Years of data backups have left many organizations with multiple copies of data that's hard to track and manage....
Data access has also become a challenge. When application owners want copies of production data, they must often submit a ticket to IT and wait days, or even weeks, for a response.
These data management practices aren't optimal and have led to higher-than-necessary storage costs, data compliance issues and constraints on agility and productivity, among other problems. In addition, digital transformation is driving massive data growth, and malicious activity is widespread. Given all this, it's easy to see why most organizations are placing a high priority on modernizing data protection and secondary data environments.
Copy data management is an exciting answer to these problems. It focuses on both protecting production data and improving the management of production data copies. The goals are to cut storage costs, improve data visibility and compliance, and speed data access.
Changing copy data management market
Until last year, the copy data management market was mostly CDM point products from companies such as Actifio and Catalogic Software. But the CDM market is rapidly changing as some of the largest storage and data protection vendors jump in.
EMC (now Dell EMC) and IBM introduced CDM products last year, and early this year, Veritas came out with Veritas Velocity CDM. It's not surprising that vendors are interested in copy data management. It's a natural extension of their storage and data protection products, and many organizations have moved beyond tire kicking to implementing CDM. A 2017 Taneja Group study found that more than 30% of companies are evaluating CDM products or have implemented them.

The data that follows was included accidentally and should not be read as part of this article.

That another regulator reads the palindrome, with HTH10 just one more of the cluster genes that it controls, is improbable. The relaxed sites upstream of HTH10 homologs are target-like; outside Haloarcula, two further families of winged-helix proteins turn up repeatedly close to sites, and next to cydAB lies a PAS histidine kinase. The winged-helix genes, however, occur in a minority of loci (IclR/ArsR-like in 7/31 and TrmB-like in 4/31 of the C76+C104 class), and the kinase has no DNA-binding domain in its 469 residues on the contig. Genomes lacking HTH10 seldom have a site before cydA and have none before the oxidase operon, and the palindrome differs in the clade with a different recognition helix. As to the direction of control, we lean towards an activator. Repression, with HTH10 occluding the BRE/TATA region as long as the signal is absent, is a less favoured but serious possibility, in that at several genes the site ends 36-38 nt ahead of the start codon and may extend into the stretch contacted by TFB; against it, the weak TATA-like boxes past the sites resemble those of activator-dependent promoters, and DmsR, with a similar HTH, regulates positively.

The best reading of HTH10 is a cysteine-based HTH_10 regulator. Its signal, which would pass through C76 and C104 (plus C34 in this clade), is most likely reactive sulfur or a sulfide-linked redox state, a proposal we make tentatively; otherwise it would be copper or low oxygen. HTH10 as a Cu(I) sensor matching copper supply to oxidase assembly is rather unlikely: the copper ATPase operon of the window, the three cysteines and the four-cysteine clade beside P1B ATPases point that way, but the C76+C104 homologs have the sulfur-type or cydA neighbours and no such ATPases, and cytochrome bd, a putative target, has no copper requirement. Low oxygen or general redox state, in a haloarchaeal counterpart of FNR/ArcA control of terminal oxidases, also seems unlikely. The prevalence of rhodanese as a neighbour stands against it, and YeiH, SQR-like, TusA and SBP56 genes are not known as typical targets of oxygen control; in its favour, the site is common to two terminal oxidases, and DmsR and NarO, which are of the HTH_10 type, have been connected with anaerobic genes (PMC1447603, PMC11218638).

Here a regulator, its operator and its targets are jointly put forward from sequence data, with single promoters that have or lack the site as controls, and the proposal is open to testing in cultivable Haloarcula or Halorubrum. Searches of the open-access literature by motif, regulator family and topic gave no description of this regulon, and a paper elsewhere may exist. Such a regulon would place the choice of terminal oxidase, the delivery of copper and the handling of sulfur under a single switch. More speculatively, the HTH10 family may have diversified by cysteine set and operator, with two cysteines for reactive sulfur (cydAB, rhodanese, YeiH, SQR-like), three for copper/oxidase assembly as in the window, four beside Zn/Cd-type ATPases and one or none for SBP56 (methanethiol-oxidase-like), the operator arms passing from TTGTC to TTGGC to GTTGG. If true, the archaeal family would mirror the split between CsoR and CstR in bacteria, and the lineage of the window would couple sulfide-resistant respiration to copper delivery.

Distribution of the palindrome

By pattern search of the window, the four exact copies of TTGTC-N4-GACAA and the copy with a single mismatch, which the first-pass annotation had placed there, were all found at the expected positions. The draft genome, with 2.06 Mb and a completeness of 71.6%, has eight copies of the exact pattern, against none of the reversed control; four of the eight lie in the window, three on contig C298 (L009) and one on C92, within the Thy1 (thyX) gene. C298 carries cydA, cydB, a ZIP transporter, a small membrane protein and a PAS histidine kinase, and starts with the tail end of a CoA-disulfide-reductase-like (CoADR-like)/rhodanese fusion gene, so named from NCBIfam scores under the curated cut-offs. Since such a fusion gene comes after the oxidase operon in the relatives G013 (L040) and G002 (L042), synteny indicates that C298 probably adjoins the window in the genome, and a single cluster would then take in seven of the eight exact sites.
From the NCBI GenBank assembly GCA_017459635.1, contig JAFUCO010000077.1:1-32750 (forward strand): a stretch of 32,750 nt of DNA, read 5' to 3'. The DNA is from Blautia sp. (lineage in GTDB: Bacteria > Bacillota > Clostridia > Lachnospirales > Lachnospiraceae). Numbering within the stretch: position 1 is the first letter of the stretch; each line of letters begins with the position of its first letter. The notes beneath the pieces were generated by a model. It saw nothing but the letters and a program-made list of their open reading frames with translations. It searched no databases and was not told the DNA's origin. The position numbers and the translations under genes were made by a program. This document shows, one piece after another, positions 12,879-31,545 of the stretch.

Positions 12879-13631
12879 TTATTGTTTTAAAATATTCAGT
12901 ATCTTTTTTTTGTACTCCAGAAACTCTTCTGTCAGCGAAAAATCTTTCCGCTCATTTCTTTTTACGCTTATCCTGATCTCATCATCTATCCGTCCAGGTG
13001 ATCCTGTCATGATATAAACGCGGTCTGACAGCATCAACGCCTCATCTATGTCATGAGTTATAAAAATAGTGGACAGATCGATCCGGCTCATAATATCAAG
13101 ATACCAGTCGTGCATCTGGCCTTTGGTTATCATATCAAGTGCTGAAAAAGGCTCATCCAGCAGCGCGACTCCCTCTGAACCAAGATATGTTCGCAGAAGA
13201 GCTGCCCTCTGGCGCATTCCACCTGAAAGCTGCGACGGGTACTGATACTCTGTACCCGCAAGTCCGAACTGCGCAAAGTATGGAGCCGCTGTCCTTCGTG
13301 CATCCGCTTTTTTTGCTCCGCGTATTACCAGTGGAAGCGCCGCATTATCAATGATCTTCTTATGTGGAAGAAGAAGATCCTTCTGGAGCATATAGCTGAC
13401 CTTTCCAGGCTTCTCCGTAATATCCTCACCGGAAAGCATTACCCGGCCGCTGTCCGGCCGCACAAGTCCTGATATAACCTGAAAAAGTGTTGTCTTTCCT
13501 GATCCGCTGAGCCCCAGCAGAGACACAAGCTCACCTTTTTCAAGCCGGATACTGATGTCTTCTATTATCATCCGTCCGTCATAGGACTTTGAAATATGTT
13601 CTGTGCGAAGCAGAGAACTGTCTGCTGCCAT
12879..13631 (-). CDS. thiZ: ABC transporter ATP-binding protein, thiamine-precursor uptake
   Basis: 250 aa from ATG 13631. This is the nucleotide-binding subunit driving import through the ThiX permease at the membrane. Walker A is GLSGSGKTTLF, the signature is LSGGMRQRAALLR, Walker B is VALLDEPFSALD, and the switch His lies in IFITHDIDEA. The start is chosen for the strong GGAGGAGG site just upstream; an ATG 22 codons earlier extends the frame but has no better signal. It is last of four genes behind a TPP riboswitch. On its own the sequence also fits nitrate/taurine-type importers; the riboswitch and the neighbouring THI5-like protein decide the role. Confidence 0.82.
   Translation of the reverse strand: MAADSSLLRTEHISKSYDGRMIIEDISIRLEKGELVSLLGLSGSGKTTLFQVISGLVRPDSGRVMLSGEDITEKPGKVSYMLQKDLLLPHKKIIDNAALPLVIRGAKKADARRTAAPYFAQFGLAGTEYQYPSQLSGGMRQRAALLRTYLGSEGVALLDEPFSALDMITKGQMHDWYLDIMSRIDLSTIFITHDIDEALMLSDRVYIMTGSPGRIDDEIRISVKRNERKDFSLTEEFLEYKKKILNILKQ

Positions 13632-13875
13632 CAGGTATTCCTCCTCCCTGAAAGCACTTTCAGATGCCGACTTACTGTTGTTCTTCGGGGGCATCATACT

So what CDM capabilities do companies value the most? And how are vendors responding to user demand for CDM functionality? The answers to these questions provide an understanding of where the copy data management market is having the greatest impact. They also identify which vendors are leading the effort to provide universal data visibility, instant access to data, automated data protection, and data portability that capitalizes on hybrid and multicloud environments.
IT pros responding to the Taneja Group survey listed lowering storage costs; better data visibility, insight and compliance; and the ability to consolidate secondary storage as the top three CDM capabilities beyond data protection. Better data lifecycle management and automated copy management with DevOps workflows also ranked in the top five CDM capabilities.
Customers often point to the importance of data reduction for lowering storage costs. Compression and deduplication have been a major part of data protection products for a long time. Copy data management vendors, such as Cohesity, are maximizing data reduction with global, variable-length deduplication that works across a customer's entire storage footprint. Actifio also offers global deduplication, and Dell EMC Enterprise Copy Data Management (eCDM) and Veritas Velocity provide global deduplication when implemented as an extension of Dell EMC Data Domain and Veritas NetBackup, respectively.
Another aspect of lowering storage costs is the ease of maintaining a storage system. Cohesity's DataPlatform sets the bar high here, with the inherent simplicity in its hyper-converged storage architecture. It simplifies system upgrades and recovery from node failures because there's no disruption, no manual configuration and no need for data migration.